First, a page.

Whereas God promised to withdraw His love from the northern kingdom of
Israel (Hos. 1:6), He promised to keep His love for the southern kingdom
of Judah (Hos. 1:7). Why? Is God inconsistent in His being and activity?
The answer is no. At this time, Judah’s time to face God’s
wrath was not yet ripe (see 2 Kgs. 17:18-19). Its cup was not yet full.
Later, however, Judah refused to repent, God’s love for her was
also withdrawn, and she was sent into captivity (see Jer. 9:12-16; Jer.
52:27). God’s patience does not invalidate His justice (see 2 Pet.
3:8-10). His patience with the sinner is to encourage him to repent (2
Pet. 3:9). Therefore, God’s love is not irrevocable or eternal
for those who refuse to acknowledge and serve Him only (see Jn. 3:18,
36). It is irrevocable for those who acknowledge and serve Him only.
PRAYER: 1. Father, please enable me to acknowledge
and serve you only.
2. Father, please thank you for your unfailing love.
The Lord fights for His own children
The Lord promised Joshua to give the five kings of the Amorites who
joined forces to fight against Gibeon for making a treaty of peace
into his hands (Jos. 10:1-8). The Lord personally took part in the battle
to ensure that His word to Joshua came to pass (Jos. 10:10-11). He threw
the armies of the five kings into confusion and hurled large hailstones
down on them from the sky (Jos. 10:10-11). According to the Scripture,
more of the Amorites died from the Lord’s own weapon than from
the swords of the Israelites (Jos. 10:11). It was because the Lord fought
for Israel that they had the victory (Jos. 10:14, 42). The point is made
here again that the Lord fights for His children (see Exod. 14:13-14;
2 Chron. 20:14-17; Jos. 10:14, 42), and that He is the one who gives
us victory over our enemies, not our weapons (see Ps. 44:1-8; 1 Sam.
17:47). Our battles are indeed His battles (see 1 Sam. 17:47; 2 Chron.
20:14-17). We do not have to fight our battles (Exod. 14:13-14; 2 Chron.
20:14-17). As He fought for the Israelites against the Amorites, He will
fight for us today against our enemies (Jos. 10:14, 42; Exod. 14:13-14;
2 Chron. 20:14-17). All we need to do is to leave all our battles for
Him to fight them for us and give us the victory (Exod. 14:13-14; 2 Chron.
PRAYER: 1. Father, please fight all my battles for
2. Father, please enable me to entrust all my battles to you.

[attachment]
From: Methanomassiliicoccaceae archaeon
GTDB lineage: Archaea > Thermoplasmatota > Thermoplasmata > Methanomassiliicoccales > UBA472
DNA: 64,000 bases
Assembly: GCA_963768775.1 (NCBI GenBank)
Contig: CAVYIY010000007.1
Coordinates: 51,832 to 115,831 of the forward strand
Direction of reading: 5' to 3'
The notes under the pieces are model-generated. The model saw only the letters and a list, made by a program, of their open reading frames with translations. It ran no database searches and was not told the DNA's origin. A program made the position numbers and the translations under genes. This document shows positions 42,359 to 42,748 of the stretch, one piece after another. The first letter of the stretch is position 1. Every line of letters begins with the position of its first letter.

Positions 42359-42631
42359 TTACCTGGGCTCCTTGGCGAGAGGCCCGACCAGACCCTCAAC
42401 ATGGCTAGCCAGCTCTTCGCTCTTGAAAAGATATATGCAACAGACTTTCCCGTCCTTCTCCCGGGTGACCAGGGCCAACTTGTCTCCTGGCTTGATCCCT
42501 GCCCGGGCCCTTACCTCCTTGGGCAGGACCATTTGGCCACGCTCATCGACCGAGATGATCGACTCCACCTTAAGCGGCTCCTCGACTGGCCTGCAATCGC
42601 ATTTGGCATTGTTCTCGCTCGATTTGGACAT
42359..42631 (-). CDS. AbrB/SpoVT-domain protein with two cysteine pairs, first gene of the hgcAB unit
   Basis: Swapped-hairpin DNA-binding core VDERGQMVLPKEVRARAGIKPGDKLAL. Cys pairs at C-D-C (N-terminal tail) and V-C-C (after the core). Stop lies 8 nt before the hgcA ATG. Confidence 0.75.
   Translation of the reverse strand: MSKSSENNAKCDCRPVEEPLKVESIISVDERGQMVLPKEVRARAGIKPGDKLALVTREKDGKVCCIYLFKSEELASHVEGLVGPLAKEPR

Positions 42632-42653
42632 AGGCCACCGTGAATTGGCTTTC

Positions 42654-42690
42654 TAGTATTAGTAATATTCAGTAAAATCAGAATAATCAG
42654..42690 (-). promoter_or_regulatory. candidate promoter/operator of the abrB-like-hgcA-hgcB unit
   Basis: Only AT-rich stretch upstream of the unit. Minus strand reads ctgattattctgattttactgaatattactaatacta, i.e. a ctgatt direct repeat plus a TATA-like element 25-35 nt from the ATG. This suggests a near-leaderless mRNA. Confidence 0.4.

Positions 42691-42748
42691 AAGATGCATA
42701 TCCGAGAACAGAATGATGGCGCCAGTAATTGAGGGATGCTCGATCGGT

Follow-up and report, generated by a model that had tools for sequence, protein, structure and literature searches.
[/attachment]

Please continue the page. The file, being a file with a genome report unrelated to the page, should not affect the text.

The Lord’s whereabout
This passage answers the question of the Lord’s whereabout. According
to it, the Lord is on is heavenly throne (Ps. 11:4). There is a heavenly
throne, and the Lord alone is seated on it (Ps. 11:4). He is seated on
it continually. There is no time when He is not seated on His throne.
This is the constant teaching of Scripture (Ps. 47:8; Is. 6:1). This
means that He alone is King and He alone reigns over all of His creation
(see Ps. 44:7-8). It also means no act escapes His attention (see Ps.
11:4-5). There is no throne but His own, and no one sits on His throne
except Him. While Satan roams about (cf. 1 Pet. 5:8), the Lord remains
seated on His throne (Is. 6:1). Since His throne is the only throne and
He alone is seated on it, everything and everyone is subject to Him,
including Satan. Anyone who seeks can find Him always seated on His throne.
He never abdicates His throne or responsibility. He alone is in charge
of all creation. There is no rival or equal to Him.
PRAYER: 1. Father, please show in my life that you
alone are seated on the throne.
2. Father, please let all creation be subject to you completely.
The Lord listens to His children
Joshua asked the Lord for the sun to stand still over Gibeon and the
moon over Aijalon to enable him and the Israelites to complete their
campaign against the five kings of the Amorites who had joined forces
to fight against Gibeon for making a treaty of peace with Israel, and
the Lord listened to Joshua (Jos. 10:12-13). Joshua 10:14 does not
mean that the Lord has never listened to anyone else before or after
but that Joshua’s case lacked an equal or a comparison. God always
listens to His children. He listened to Moses (Exod. 8:12-13, 29-31).